Thus a modest change on one area has effects throughout the system. And savings achieved by one element in that system are eroded, possibly wiped out, by extra costs elsewhere in the system. As Peter Senge author of The Fifth Discipline[1] observed: "in many systems doing the obvious thing does not produce the obvious desired outcome." Each participant does the obvious and rational thing, but the systemwide result is unforeseen and perverse. So, as we look at alternatives to the current system, it is important to try to think, not just of the immediate cost, but of the system-wide consequences. And I would say to senior administrators that the lack of mechanisms to effect this in universities is a crippling disadvantage in a rapidly changing environment.

As should already be clear, any systemwide evaluation must take account of the impact on the time of faculty members. Faculty time, both as teachers and researchers, is the most valuable resource in the university. Effective use of that time is crucial to the success of the university in fulfilling both its teaching and research missions. Thus time diverted from those activities to prepare and publish their own manuscripts, time spent to search for materials that are no longer available through well-established channels, time spent reading things that prove after an hour or two to be valueless, increased time spent evaluating their colleagues for tenure — these are all costs, true costs, using the scarcest resources of the academy.

Another example of failing to consider systemwide costs is the common practice of university presses to request that the author provide camera-ready copy. That eliminates our substantial typesetting costs, but it takes a large amount of the scholar's time. The costs have not been reduced, they have been shifted. Indeed, as the work is now done not by a medium-skilled typesetter but by a highly-trained, highly-paid academic, the system-wide costs have undoubtedly been increased. However we will continue to make that request because the university presses, to meet stringent financial criteria, are forced to make narrow, not systemwide, decisions to save costs.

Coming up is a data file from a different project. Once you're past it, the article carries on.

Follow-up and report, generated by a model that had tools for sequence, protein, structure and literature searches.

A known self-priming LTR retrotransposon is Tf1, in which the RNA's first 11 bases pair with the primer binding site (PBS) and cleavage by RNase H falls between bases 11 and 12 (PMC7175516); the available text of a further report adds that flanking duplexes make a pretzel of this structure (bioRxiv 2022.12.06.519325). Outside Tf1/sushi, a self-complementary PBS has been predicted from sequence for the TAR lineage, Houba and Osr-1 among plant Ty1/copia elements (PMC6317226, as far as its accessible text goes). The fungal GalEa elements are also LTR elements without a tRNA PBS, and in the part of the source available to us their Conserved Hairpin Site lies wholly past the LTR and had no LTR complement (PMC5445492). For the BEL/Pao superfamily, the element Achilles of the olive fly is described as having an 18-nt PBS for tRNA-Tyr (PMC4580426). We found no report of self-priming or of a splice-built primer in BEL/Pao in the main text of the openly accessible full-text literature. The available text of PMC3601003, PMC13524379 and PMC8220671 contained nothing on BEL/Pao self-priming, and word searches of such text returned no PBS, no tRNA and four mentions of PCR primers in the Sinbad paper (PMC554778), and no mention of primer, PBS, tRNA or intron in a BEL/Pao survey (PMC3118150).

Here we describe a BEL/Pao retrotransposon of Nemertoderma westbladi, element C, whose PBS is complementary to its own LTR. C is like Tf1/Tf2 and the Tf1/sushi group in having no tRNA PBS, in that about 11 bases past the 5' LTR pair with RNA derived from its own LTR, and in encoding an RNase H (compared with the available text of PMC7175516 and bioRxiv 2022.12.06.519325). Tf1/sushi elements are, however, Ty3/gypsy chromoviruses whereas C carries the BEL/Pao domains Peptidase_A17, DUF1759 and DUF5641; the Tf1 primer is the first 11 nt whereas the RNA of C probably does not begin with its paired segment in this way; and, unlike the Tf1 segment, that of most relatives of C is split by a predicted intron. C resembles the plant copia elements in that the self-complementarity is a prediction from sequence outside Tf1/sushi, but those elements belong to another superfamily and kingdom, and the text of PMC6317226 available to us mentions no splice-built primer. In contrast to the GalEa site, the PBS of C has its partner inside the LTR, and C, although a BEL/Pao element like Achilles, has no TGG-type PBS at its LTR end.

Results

Effect of the Delivery Mechanism on the Publishing Process

I will now explore how changes in the delivery mechanism may affect the publishing process. The conventional publishing process can be divided into three components. The first is file preparation. This involves evaluation and selection, copyediting, typesetting, and proofreading, and ends with transfer of a file to the printer. The second is the delivery mechanism, and involves printing, binding, shipping, and warehousing. The third, not so neatly separable chronologically, involves marketing, order-taking, customer relations, money collection, and royalty payments.

This third component can be set aside for the purposes of this talk. Whatever the delivery method used, we will have to market, we will have to charge customers, collect money and pay royalties. Those activities are continually changing as technology advances but, for example, we are using the Net to advertise books and we would do that also for digital products. Our choice of delivery mechanism will not make much difference to those functions.

What we do need to consider is whether the file preparation costs are affected by the delivery mechanism or whether our exploration of alternatives can take those file preparation costs as given and concentrate only on the costs of the delivery mechanisms themselves.

If there is value in the paper world in careful selection, in guiding author revisions, in copyediting and proofreading, that value carries directly over to alternative delivery mechanisms. Typesetting — the other element in the file preparation process — needs a little more discussion. Typesetting today is actually a matter of coding: A person works through the file containing the text, inserting codes to ensure that the material displays correctly whether the medium of presentation is a sheet of paper or a computer screen. For a given level of functionality the density of coding is about the same, and increasingly the coding is just the same. So, although the delivery medium still affects the coding to some degree, the costs are not going to be significantly different.